I don't know the facts of this particular situation. I do know that our soldiers didn't sign on to be missionaries or social workers or an underpaid construction brigade.

gripper
June 21, 2006, 11:44 PM
Is there a way to donate???

FTF
June 22, 2006, 12:18 AM
I'm an ex-Marine and I do sympathize somewhat. I missed the 'window' for any sort of war while I was in, so I can't really relate to their mental condition or stress level in that theater, but there 'are' a few details that jump out at me as 'sketchy', regardless of the situation.

8 on 1 (7 Marines, 1 corpsman)... the number alone makes me wonder. I'm not sure that even some wannabe martyr would draw on 7 armed Marines within yards and expect to accomplish anything other than dying w/o shots fired. Usually they seem to have at least a bomb or bust some caps from behind a wall or something... not just suicide w/o a chance... but who knows.

The 7 Marines and 1 corpsman also seems 'to me' that they were on a somewhat unorthodox movement. It's more than fire team and less than squad size... and I've never seen a corpsman attached to a 7 man anything... of course, nobody knows what their circumstances were, but it does seem a bit odd. I'm sure special circumstances dictate special tactics, but I can't imagine, at least from my experience, where a 7 man patrol and 1 corpsman would even waste the time shaking down some Iraqi house (which is what I gather from the news).

I'm not sure what we could do to help them. Most likely they will be assigned military counsel (donations won't help)... I'm sure there is the off chance, especially for such a crime as they are charged with, that they may choose to get a civillian lawyer, but it's unlikely. Not many civillian lawyers specialize in military law... not can practice it effectively... lawyering for military types requires more knowledge of the law, both of the UCMJ as well as the constitution and I imagine most lawyers aren't willing to take on all this additional load for the payment they likely would receive from a military type aka poor.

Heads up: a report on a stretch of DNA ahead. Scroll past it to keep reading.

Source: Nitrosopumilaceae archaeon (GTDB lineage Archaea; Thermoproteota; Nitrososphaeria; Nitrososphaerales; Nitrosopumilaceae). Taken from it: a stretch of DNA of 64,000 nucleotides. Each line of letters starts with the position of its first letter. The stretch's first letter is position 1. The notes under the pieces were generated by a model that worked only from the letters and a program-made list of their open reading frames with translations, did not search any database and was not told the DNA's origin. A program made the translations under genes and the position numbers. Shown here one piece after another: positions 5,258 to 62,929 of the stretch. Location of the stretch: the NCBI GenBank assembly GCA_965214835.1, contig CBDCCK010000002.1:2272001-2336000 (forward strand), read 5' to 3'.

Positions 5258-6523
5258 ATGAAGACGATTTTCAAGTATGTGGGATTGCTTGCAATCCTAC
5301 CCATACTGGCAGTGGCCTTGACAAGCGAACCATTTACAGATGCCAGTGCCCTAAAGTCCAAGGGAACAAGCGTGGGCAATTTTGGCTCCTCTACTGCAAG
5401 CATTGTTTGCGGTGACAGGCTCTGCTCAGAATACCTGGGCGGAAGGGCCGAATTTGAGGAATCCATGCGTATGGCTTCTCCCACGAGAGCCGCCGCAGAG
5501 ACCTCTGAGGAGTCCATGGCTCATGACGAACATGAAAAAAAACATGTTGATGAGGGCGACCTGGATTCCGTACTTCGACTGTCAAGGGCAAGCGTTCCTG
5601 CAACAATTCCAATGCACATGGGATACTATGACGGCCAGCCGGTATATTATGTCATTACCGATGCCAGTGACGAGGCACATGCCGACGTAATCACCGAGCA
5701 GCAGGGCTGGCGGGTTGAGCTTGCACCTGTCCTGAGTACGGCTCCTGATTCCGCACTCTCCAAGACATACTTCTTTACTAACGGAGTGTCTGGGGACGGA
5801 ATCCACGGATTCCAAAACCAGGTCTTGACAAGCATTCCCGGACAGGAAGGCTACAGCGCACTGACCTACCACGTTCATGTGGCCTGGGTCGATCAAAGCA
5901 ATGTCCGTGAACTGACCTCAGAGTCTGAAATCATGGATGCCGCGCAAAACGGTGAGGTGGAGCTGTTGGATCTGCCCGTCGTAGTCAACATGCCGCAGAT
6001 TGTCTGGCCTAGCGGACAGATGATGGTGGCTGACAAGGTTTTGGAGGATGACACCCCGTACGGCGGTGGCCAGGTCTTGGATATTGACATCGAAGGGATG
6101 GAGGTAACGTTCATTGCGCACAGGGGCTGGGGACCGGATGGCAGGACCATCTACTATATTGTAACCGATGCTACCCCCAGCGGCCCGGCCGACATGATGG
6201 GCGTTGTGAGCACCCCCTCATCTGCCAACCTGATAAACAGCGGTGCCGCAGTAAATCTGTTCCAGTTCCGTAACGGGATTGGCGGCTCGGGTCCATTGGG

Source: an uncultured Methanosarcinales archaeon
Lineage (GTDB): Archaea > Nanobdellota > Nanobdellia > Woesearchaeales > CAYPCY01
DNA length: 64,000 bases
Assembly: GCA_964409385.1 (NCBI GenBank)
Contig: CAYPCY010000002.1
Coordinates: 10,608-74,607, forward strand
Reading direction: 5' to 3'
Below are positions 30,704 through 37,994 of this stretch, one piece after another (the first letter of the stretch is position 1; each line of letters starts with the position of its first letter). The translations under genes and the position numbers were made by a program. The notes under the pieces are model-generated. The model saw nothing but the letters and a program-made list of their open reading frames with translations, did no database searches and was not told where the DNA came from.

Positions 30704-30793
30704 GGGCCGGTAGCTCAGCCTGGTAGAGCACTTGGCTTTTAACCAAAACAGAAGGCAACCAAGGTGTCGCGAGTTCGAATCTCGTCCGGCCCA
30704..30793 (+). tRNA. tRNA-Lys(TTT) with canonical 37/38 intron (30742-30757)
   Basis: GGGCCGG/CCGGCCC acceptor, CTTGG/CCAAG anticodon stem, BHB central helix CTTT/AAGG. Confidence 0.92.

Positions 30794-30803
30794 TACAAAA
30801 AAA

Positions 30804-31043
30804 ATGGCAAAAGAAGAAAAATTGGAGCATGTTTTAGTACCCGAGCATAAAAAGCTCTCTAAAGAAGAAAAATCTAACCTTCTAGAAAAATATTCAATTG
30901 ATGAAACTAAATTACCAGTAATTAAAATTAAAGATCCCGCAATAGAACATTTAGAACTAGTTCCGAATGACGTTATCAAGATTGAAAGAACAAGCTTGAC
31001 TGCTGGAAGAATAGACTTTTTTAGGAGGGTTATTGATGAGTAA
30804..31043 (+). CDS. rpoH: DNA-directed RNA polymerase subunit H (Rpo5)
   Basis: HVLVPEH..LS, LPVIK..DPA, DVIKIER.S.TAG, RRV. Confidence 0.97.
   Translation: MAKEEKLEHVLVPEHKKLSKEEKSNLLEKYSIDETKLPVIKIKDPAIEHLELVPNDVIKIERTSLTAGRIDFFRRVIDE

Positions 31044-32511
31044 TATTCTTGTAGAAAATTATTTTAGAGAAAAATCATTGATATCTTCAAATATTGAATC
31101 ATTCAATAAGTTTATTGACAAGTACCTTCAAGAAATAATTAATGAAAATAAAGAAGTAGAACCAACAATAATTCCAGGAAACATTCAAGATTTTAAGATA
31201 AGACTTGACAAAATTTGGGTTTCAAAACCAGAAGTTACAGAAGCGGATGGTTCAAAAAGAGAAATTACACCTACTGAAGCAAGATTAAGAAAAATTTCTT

Guess we'll just wait for the facts to come out. Good luck with that though... still waiting on the facts surrounding the death of Pat Tillman... or any charges. The military is much like the police... they keep it all in the ranks and away from the public eye as much as possible, lest their reputation be 'tarnished'... I'm a vet, not afraid to say it lol.

Hopefully justice will be served. It's a capital case, I sincerely hope they get adequate representation. Their sentences may come out a year from now and last for 10 minutes on msnbc.com... of course, nobody will care by then because something else will take over the news. Probably 10 years in Leavenworth if convicted of murder, which will be plead down to conduct unbecoming or something... I can't recall when a military peep was sentenced to death or anything... civiliians for treason, yes, but not even mai lai IIRC.

crazed_ss
June 22, 2006, 12:25 AM
I did 5 years in the Marines and I hope these guys didnt do anything wrong.
I dont know the details of the case though.
If they deliberately conspired to kidnap an murder someone, then they have to do down for it. That's just unnacceptable.
When it comes down to it, right is right and wrong is wrong.

If their actions were justified, then hopefully those in the jury let them go free. I have confidence in military courts. They usually dont bow to political pressure. They do what's right IMO. Remember that Marine that killed that Iraqi who was laying on the floor in the Mosque? He got off.

Now the Abu Ghairb poeple went down hard as they should. Just because our guys are in tough situations doesnt mean they have an excuse to stoop to the enemy's level. If they do, then we're no better than them.

Just_a_dude_with_a_gun